Jim, Thanks for posting those! I've not seen either of those before!
    I dug up some more pics of the L.R....
    I was gonna post 'em last night, but my scanner decided to go on strike! :curse:
    (Tonight I made her an offer she couldn't refuse! :D )

    This first one is of a funeral train at Yale, KY (undated, but I'm guessing around 1905, give or take)

    Attached Files:

  15. Drew1125

    Drew1125 Active Member

    I LOVE this one!
    This is the RR headquaters at Yale...
    I think this is why steam era short lines have such an appeal for me...they were some real "down-home" operations! :thumb:
    (note the velosapede in the foreground!)

    Attached Files:

  16. Drew1125

    Drew1125 Active Member

    Here's a pi9cture of #3, an A-type Climax...

    Attached Files:

  17. Drew1125

    Drew1125 Active Member

    Here are the L.R. yards at Salt Lick...the string of tank cars in the background are on the C&O main...

    Attached Files:

  18. AppyNarrowGager

    AppyNarrowGager New Member

    What Charlie wants...


    Go to TAPLINES. Look under the RRs listed for West Virginia Midland. It literally has everything you want. A large trestle, primary operations in the time frame you desire, lots of timber, some coal. Standard gauge interchange with the Western MD is available IF you want to move your time frame forward, but the B&O interchanged with the WVM at Holly Junction at a nice 2 story station in the 1890s. There was even an article on building a WVM ten wheeler in On3 in the pages of RMC a few years back. Photos are also available on TAPLINES as well. If you drive to Webster Springs, WV, you will find more photos in the Visitor Center of the "Midland", which is what the locals called her. I think there is a pic of the Holly Jct station on Taplines as well.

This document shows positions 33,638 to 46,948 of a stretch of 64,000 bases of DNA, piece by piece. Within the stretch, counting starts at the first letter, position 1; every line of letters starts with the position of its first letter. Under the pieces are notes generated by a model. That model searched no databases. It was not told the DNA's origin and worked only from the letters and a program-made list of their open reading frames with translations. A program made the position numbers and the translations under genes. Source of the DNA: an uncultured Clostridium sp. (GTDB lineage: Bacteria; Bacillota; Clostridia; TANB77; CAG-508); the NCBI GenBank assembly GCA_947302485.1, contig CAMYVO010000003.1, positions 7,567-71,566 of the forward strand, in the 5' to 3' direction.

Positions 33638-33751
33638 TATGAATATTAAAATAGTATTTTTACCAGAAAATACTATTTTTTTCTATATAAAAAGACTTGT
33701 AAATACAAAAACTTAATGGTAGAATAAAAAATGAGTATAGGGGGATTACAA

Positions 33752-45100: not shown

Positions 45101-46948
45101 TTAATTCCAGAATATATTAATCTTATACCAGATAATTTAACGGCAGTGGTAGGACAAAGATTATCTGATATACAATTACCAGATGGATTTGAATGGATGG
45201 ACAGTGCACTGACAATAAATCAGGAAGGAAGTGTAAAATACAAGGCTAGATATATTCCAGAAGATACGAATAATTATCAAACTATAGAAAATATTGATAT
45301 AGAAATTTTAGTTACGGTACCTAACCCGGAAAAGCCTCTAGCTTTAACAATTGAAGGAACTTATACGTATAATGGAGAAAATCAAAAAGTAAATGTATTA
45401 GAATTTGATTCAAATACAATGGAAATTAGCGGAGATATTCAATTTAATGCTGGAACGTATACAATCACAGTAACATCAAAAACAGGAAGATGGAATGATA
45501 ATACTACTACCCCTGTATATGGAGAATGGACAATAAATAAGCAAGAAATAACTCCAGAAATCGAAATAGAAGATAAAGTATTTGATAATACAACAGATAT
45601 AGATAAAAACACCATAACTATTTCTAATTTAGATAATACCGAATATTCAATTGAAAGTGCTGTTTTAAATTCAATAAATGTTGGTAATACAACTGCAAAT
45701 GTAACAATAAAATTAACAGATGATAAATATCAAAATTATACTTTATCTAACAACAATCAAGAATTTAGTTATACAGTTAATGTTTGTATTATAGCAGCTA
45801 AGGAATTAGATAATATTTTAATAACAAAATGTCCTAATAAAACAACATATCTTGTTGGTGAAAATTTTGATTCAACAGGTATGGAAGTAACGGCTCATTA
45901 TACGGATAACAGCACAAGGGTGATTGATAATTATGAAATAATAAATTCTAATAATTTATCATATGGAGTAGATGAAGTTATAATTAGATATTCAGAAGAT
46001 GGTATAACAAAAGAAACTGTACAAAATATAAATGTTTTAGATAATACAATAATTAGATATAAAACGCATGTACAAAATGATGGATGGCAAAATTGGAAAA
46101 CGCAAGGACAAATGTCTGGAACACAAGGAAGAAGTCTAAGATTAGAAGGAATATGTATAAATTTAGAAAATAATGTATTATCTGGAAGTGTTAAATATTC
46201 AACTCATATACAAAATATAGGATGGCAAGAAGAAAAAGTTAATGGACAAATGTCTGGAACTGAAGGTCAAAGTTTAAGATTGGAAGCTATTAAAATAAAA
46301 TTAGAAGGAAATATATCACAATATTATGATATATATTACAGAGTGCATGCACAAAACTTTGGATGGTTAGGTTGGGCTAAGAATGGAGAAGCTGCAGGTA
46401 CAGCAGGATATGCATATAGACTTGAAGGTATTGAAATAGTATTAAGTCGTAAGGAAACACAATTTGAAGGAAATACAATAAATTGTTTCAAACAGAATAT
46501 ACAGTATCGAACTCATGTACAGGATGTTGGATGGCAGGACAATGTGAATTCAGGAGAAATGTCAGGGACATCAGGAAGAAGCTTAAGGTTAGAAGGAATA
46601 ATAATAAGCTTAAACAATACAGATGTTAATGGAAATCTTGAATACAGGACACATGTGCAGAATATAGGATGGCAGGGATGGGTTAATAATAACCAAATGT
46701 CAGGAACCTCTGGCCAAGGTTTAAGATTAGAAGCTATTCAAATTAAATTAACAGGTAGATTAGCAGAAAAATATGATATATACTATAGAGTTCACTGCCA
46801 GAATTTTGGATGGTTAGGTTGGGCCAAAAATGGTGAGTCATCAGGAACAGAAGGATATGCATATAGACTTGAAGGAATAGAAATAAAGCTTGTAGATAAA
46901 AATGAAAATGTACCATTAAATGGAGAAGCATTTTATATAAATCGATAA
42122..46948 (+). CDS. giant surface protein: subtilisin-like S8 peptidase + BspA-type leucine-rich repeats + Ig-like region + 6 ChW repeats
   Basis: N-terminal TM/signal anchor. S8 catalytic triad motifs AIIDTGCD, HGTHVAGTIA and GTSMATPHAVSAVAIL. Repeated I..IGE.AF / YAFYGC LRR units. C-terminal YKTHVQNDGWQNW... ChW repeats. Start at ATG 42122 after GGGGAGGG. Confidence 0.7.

Good Luck